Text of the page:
Anna Marie climbed up the rough scratchy surface of the rock. She brushed twigs and fuzzy moss off her clothing and sat down, opened the minnow bucket and very carefully removed each frog. They seemed a little dopey so she pushed one of them gently with a finger. It hopped a few inches and then sat blinking its bulging eyes. Some resort kids were afraid to touch frogs. Not Anna Marie. When she wanted to show off to city slicker kids she would carry a fat brown lumpy toad in her small hands. Toads were harder to find and catch because they weren’t found out in the open like frogs.
So there she sat, a little brown haired girl wearing a white shirt and red shorts admiring three green stunned frogs. She stretched out her legs and looked at her dirty toes. Duke had vanished but she could hear him barking. He’d likely treed a porcupine or some other animal. The frogs sat very still, their green skin twitching. She wished she had some lake water to pour over their small bodies. She thought that they might be sick or sleepy after being in the minnow bucket.
Anna Marie wasn’t a bit lonely sitting by herself on her rock. The air smelled sweet like mid-summer. The smell of wild flowers, pine trees and decaying vegetation all mixed together to create the woodsy odor. She looked down at the tablet. The lined paper reminded her of a story she had written during the past year. Mrs. Peterson, her teacher at Merritt School had asked her to read her story, a Pilgrim story in front of the class. It had been a proud day for Anna Marie.
At home in Duluth she made many trips to the public library. In the summer Mother, Jean and Anna Marie made weekly trips to the Ely Public Library. Anna liked to read and write stories.
Someday I’ll write a book. I’ll be famous and people will want to talk to me. Maybe I’ll be on radio reading my stories!
Once upon a time there was a woodland fairy princess who lived deep in a green pine forest, under a huge moss-covered gray stone…
She began writing, her head bent over the tablet deep in thought.
“Anna Marie,” Mother’s faint voice called out. “Come here. We’ve got company.”
It sounded like Mother was standing on the dock commanding Anna to come NOW.
One by one Anna Marie carefully picked up each frog. She followed the trail down to the lakeshore where she stooped over and placed the frogs in shallow water. Each frog jumped into the weeds and was soon out of sight.
“Hey Duke come on. Let’s go!” she called out, grabbing the minnow bucket and tablet. She hid the pencil in a crack in the Thinking Rock hoping it would stay there until her next visit. Duke came charging out of the brush, his tongue hanging out, his tail wagging. Wet mud coated his feet and legs making him appear to be wearing high black boots. He’d obviously been busy, snooping in the woods, digging in the muck. The girl and the dog followed the deer trail back to the resort.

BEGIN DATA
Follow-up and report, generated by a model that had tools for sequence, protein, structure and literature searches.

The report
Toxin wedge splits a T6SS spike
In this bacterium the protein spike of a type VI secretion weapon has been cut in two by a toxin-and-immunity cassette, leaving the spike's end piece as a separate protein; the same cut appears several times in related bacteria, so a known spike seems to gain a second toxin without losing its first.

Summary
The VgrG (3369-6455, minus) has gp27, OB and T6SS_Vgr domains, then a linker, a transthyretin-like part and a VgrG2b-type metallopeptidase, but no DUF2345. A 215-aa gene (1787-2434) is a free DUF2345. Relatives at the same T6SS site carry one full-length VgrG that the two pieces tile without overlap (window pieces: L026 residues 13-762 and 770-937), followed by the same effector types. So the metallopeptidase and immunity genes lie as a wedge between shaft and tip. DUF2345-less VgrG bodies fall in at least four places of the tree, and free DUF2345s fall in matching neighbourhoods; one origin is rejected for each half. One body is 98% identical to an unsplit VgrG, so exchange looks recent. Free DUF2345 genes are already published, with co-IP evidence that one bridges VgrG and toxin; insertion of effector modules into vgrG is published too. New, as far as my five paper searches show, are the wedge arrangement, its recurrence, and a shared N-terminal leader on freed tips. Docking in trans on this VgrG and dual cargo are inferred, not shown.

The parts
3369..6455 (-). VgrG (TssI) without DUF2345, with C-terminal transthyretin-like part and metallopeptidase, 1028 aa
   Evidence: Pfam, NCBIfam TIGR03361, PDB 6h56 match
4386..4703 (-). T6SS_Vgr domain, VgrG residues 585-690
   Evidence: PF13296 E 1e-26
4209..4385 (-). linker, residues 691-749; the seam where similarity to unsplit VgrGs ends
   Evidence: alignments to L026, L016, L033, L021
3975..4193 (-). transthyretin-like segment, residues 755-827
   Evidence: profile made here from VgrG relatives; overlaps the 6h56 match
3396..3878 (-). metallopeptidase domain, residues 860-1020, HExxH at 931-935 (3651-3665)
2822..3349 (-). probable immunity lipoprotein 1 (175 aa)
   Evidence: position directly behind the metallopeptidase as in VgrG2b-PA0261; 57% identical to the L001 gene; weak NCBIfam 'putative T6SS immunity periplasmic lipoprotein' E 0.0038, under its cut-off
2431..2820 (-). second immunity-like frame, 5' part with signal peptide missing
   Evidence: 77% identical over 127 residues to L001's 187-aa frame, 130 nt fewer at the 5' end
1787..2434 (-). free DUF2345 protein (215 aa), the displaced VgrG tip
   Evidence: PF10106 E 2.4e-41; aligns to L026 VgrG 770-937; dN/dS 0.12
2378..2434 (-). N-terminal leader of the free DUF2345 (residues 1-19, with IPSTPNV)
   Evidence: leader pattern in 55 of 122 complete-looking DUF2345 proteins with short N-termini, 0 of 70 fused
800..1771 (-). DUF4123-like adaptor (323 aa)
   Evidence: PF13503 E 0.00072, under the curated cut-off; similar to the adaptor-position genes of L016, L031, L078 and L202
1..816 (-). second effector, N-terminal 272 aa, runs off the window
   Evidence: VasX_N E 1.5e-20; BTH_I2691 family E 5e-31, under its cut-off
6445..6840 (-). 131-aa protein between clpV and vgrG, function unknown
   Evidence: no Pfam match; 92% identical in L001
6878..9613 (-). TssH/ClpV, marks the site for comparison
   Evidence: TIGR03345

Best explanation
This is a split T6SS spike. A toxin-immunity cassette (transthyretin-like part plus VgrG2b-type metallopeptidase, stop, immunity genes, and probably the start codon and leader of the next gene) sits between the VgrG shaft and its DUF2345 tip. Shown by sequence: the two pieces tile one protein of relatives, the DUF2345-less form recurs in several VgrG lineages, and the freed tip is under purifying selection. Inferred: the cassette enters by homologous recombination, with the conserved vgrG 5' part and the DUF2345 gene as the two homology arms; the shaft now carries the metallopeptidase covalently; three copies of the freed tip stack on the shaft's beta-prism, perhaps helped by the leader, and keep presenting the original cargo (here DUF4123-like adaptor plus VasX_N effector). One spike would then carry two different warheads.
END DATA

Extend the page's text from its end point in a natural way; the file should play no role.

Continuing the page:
“Look who’s here,” Mother said swishing her hands around her head at gnats swarming around her face. “Mike, Mary, Lois and the other kids are changing. You’ve got time for a quick swim before supper. We’re having a picnic.” Mother scrutinized Anna Marie. “Where’ve you been all afternoon?”
“Just walking around.”
“Why are you carrying that tablet?”
“I’m drawing pictures of flowers and stuff.”
Anna Marie ran up to the cabin. There was no time to waste. By now her cousin Lois from Ely and the Evenocheck kids from Winton would be shouting, pushing and splashing water on each other. She found her red wool swimming suit on the clothes line, entered the cabin, tore her clothes off, leaving them heaped in a pile on the floor and pulled the itchy one-piece suit over her feet and legs. Before she left the room she hid the tablet under her pillow to read later on, at night when she was alone.
A day that had started out boring and lonely had suddenly become a day to be recalled many times in later years. It had been a day when three sleepy green frogs, a barking fawn-colored hunting dog and a ten year old lonely little girl had shared a summer afternoon. After all, “Once Upon a Time Stories” always end with the phrase “And they lived happily ever after!”
Timber Wolf Lodge is honored and excited to share the delightful book “Back Of Beyond” A Memoir from the North Woods. We will be sharing a new story in the blog from time-to-time.
From Susanne Schuler’s memoir “Back of Beyond”. Susanne’s family founded Timber Wolf Lodge over 70 years ago and her book recounts her childhood days growing up here.